Now, whenever I bring up this past, inevitably I hear, “that was over seventy years ago!” It is true that many of these companies have accounted for their complicity in wartime atrocities and, in my view, boycotting them at this is a personal matter. But what is relevant to us as communities is that these corporate-Nazi collaboration should do is to make us sensitive and aware to the ways in the past is easily – too easily – effaced. Chanel’s sordid history of Nazi collaboration, which has been a matter of public record since the 1940s, is still largely unknown among the millions who buy her namesake company’s products. Ford, of course, still sells cars by the millions and, except for some specialized studies like Neil Baldwin’s Henry Ford and the Jews, the poisonous legacy of Henry Ford’s antisemitism is largely muted.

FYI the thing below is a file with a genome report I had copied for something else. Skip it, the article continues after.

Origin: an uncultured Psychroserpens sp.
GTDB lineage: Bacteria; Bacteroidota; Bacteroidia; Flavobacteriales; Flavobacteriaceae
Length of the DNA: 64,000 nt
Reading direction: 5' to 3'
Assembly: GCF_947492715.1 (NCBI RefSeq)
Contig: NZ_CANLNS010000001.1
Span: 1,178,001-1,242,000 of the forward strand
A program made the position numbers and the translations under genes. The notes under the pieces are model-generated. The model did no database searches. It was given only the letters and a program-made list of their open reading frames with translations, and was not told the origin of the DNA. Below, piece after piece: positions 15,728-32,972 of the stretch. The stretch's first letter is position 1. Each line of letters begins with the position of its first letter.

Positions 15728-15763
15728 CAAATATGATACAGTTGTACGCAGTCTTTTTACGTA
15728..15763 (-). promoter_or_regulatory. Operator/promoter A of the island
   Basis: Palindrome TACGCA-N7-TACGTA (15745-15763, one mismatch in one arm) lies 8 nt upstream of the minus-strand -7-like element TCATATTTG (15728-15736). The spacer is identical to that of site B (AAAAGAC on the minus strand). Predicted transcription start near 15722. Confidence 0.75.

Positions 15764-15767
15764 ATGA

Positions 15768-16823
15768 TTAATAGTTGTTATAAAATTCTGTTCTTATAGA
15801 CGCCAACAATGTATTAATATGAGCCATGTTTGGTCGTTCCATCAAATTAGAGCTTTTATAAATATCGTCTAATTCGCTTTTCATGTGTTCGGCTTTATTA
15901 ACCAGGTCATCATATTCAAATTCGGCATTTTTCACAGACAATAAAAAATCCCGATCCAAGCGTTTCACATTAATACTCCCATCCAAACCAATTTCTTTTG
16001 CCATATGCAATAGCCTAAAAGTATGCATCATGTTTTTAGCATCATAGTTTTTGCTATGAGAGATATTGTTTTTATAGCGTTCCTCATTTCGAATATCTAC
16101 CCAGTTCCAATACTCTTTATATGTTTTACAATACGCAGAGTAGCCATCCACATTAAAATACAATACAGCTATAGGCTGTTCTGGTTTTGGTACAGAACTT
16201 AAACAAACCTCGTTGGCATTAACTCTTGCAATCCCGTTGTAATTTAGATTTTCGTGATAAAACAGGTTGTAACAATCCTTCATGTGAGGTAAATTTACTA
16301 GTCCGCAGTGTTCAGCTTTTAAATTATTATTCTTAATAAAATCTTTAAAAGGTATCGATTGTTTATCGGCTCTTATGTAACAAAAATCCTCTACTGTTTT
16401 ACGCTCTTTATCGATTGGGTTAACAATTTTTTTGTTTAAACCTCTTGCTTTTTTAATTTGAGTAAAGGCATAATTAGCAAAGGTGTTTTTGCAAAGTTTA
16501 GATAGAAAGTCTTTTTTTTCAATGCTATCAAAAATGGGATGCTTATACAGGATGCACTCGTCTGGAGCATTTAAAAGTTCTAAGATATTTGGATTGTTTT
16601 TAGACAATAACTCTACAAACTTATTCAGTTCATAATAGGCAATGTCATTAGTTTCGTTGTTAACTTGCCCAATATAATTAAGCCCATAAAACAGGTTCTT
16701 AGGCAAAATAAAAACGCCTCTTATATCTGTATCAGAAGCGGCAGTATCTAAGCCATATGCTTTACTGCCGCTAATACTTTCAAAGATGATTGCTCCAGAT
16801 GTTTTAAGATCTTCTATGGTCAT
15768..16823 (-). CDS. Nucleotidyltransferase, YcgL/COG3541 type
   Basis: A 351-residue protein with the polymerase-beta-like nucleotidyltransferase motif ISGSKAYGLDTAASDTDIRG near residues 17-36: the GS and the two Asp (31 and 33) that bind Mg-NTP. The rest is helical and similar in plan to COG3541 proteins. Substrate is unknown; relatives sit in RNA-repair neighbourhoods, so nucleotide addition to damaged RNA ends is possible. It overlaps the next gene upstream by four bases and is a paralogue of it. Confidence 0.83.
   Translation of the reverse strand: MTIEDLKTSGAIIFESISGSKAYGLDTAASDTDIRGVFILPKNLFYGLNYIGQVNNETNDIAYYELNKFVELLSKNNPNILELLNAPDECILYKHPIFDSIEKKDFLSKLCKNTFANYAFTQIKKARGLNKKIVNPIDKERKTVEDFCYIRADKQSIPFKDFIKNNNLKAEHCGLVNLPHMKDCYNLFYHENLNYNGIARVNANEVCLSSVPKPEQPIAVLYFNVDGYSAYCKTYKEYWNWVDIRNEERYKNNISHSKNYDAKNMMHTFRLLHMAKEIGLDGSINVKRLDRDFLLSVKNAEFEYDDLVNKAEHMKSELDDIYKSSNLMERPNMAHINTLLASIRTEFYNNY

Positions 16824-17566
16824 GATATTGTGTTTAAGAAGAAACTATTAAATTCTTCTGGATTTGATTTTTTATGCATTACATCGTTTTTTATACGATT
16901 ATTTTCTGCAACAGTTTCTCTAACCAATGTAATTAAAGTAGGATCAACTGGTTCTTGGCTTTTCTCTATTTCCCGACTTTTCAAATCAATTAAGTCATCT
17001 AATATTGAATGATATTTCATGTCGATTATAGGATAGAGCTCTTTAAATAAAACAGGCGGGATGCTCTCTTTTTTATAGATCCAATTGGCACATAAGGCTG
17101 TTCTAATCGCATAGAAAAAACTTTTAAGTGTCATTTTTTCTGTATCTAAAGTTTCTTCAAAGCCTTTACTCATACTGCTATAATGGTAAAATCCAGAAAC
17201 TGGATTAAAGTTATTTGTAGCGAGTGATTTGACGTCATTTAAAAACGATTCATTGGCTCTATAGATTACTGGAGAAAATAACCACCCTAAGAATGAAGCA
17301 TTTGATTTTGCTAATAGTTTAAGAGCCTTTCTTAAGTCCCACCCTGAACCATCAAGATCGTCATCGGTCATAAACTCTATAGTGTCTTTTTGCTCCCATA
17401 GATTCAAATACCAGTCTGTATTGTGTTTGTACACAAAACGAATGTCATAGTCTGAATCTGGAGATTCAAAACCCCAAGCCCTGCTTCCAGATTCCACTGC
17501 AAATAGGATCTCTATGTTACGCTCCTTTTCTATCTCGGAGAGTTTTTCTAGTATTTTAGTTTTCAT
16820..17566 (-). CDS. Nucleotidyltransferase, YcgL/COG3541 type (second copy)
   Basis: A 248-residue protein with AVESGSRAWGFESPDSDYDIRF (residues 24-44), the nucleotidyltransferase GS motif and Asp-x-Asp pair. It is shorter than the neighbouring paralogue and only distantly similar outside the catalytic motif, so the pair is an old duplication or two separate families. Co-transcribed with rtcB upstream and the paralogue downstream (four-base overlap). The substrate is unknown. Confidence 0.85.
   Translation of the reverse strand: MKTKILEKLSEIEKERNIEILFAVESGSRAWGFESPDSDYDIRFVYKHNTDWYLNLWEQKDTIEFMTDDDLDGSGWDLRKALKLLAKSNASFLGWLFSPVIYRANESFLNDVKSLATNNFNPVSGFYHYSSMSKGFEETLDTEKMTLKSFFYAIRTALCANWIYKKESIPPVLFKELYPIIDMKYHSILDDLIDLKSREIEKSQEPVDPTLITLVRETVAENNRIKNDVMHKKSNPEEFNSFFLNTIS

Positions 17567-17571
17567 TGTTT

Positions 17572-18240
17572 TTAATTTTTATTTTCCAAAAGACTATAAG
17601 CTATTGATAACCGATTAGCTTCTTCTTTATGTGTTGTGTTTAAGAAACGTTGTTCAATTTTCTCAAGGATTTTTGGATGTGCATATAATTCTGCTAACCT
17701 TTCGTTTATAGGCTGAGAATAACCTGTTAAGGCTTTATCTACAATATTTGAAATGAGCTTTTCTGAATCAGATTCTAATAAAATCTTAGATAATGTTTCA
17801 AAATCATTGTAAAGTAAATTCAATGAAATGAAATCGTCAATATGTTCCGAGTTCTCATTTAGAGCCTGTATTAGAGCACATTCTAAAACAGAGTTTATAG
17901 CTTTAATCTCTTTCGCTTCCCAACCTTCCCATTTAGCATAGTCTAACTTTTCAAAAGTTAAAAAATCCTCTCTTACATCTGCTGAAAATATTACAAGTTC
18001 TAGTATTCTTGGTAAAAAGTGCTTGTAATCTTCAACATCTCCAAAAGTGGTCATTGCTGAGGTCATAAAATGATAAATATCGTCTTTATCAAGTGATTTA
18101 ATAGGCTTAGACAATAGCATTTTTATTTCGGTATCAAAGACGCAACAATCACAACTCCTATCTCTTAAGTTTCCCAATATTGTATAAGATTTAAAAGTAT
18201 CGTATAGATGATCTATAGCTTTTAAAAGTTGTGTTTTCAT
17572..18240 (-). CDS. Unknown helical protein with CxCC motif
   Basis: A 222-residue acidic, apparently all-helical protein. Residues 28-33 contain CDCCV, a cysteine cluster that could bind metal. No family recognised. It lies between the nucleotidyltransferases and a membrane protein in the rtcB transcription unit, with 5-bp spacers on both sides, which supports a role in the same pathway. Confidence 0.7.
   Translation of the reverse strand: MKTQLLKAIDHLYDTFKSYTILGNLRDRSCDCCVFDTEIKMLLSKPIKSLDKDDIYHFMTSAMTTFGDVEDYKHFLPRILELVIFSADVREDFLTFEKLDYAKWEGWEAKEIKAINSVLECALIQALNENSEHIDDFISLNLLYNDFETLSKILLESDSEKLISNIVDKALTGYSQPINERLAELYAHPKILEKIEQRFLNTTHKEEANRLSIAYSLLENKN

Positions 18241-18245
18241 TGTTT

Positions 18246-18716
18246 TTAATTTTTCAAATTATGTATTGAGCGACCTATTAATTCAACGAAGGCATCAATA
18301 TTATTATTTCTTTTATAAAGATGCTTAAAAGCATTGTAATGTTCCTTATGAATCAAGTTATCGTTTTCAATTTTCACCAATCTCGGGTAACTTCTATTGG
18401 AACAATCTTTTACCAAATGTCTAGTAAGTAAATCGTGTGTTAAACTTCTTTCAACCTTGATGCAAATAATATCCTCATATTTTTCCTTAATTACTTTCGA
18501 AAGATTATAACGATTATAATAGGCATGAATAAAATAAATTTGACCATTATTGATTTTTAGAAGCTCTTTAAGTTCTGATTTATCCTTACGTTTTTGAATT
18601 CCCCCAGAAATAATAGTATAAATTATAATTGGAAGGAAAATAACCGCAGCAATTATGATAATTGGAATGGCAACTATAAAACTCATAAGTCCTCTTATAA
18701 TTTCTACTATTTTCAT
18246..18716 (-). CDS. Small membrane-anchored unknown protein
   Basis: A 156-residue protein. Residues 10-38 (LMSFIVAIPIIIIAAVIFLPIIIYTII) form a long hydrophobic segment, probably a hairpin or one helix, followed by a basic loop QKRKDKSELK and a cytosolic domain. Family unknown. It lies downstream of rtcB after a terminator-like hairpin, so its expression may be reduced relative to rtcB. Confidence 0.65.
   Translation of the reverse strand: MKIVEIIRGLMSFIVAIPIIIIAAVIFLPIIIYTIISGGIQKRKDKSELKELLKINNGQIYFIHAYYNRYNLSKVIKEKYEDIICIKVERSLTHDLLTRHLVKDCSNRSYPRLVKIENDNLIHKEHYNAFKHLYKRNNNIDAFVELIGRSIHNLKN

This has consequences not only for historical understanding but also in terms of holding contemporary companies and institutions accountable as well. A recent book edited by Sheri Rosenberg and Tibi Galis, Reconstructing Atrocity Prevention (2015), studies how modern corporations are complicit in human atrocities on a global scale. In an essay within that volume called “Corporate Behavior and Atrocity Prevention”, Owen Pell and Kelly Bonner cite, among many examples, the French oil giant Total and the U.S.-based Unocal who “faced allegations of forced labor by the then-Burmese government… and complicity in the attendant murder, rape, and torture of local residents by Burmese security forces.” (399) Or, take the case of the Canadian energy firm Talisman Energy who were accused of aiding and abetting the displacement of non-Muslim Sudanese peoples in order to placate Sudan’s Muslim-led government (397-8). As Pell and Bonner go on to argue, efforts to hold companies liable for their participation in human rights abuses are only haltingly successful at best and U.S. statutory law “do not provide reliable coverage with respect to corporate or corporate officer liability.” (406) Indeed, recent decisions by the U.S. Supreme Court, such as Kiobel vs. Royal Dutch Petroleum, in which twelve Nigerians sued the oil giant for its role in the government crackdowns of anti-oil protestors, “will make it even harder to bring corporate aiding and abetting human rights violations cases in the U.S. against non-U.S. entities or for non-U.S. conduct.” (409) Finally, the Wall Street Journal recently listed the names of companies and organizations that are doing business in Iran. (http://graphics.wsj.com/iran-sanctions/) While these relations are legal, in that they are structured in such a way as not to violate the sanctions put in place by both the UN and the US, it is unsettling to see so many top American businesses willing to do business with such a repressive, theocratic regime. The names include GE Health Care, Harvard University, Boeing, the Universities of Wisconsin and California at San Diego, as well as large European concerns like Bausch and Lomb, BNP Paribas, and HSBC Holdings. Indeed, it seems as though we are going backward rather than forward…